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Simple Contact Video

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  • VIS Simple Contact Video

    Here is seven minutes of video made in Vancouver on the first Day. Thank you Barrett and Mike Reoch for this demonstration.

    I have a fully combined video uploading tonight. I will edit this post as soon as the link is available.

    The video clips from Vancouver.



    Last edited by Karen L; 25-05-2011, 08:59 AM. Reason: spelling

  • #2
    Thank you Karen. This is something that's been a long time coming.

    Mike's the focus here, and I've seen this sort of movement, relaxation and rise in blood flow to the surface many thousands of times. It doesn't surprise me anymore, but others will probably see it otherwise.

    Comments welcomed.
    Barrett L. Dorko


    • #3
      Looking forward to the course


      • #4
        Here is the video spliced and titled of Barrett's demonstration of Simple Contact. It is just over 7 minutes and is 543mb. If you have a youtube program downloader you can save a copy for your self. Bernard might be able to arrange a permanent file for SomaSimple in the future. I can't make the [YT] feature work so for now click thru on the above link. Note to self: YouTube URL letters only wrapped.Thanks.


        Last edited by Karen L; 25-05-2011, 08:07 AM. Reason: fix youtube


        • #5
          It's a very cool experience to stop inhibiting one's own brain, get out of its way, just let it respond in the moment to whatever is going on around.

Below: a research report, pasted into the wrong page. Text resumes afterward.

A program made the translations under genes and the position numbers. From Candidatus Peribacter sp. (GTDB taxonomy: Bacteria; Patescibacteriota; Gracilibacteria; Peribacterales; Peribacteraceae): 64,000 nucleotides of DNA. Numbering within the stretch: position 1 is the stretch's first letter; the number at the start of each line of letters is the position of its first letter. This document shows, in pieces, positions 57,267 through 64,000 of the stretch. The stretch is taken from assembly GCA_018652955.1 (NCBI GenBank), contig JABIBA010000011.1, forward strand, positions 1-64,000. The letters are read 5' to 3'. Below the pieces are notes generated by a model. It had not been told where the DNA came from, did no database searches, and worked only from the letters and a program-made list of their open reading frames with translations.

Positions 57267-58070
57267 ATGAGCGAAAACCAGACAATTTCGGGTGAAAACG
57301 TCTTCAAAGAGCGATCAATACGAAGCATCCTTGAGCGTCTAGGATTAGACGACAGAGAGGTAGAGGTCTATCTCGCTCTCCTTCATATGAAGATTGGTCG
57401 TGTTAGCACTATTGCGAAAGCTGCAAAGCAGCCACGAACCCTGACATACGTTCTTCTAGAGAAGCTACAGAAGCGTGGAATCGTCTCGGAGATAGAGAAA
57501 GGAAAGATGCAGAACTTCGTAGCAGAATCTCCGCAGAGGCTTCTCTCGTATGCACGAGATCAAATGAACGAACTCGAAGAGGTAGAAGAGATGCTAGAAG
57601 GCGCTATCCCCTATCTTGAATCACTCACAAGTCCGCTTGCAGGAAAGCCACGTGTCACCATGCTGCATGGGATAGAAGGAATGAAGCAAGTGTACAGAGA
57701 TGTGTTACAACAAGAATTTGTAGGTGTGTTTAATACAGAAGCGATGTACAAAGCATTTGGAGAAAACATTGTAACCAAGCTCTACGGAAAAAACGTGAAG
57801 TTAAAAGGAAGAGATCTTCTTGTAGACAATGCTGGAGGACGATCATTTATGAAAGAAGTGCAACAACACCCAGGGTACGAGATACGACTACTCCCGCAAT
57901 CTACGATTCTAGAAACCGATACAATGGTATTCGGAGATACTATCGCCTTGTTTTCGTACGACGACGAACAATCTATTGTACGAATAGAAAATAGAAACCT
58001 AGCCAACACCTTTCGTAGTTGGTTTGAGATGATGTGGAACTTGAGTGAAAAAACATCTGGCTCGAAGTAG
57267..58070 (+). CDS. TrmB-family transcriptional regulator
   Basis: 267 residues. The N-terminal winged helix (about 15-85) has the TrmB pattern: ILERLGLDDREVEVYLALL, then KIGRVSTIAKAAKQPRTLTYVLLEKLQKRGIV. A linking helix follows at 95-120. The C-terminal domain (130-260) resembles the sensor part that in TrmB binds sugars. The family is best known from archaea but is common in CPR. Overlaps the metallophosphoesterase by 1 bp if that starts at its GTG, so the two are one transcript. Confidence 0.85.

One thing I find awkward about teaching is the divided attention. So used to just focusing, 100% on whatever I'm doing. In teaching, one has to remain aware of the "crowd" (however tiny it may be), so the demo of the treatment is often not what really goes on in actual treatment. Maybe that was not actually the case in this video. Does divided attention actually matter? For me, it does. So, as an inexperienced teacher and mostly a non-verbal treater, I find talking while treating or at least while demoing a treatment to a group an uphill skill set.

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          "Rene Descartes was very very smart, but as it turned out, he was wrong." ~Lorimer Moseley

          “Comment is free, but the facts are sacred.” ~Charles Prestwich Scott, nephew of founder and editor (1872-1929) of The Guardian , in a 1921 Centenary editorial

          “If you make people think they're thinking, they'll love you, but if you really make them think, they'll hate you." ~Don Marquis

          "In times of change, learners inherit the earth, while the learned find themselves beautifully equipped to deal with a world that no longer exists" ~Roland Barth

          "Doubt is not a pleasant mental state, but certainty is a ridiculous one."~Voltaire


          • #6
            I think Barrett's post Here explains how a therapist engages on multiple levels. Words deform the auditory sensory apparatus, transform context and reduce threat just as the tactile sensory apparatus does.

            One of the few instances where we can multitask.



            • #7
              Talking and demonstrating is definitely a skill set but I think Barrett has the knack of doing both. Probably something to do with juggling skills.

              I would be interested if any class member has tried SC on him/herself. This is a handy skill, avoiding the use of OTC analgesics, unless it is a humdinger of a headache for instance.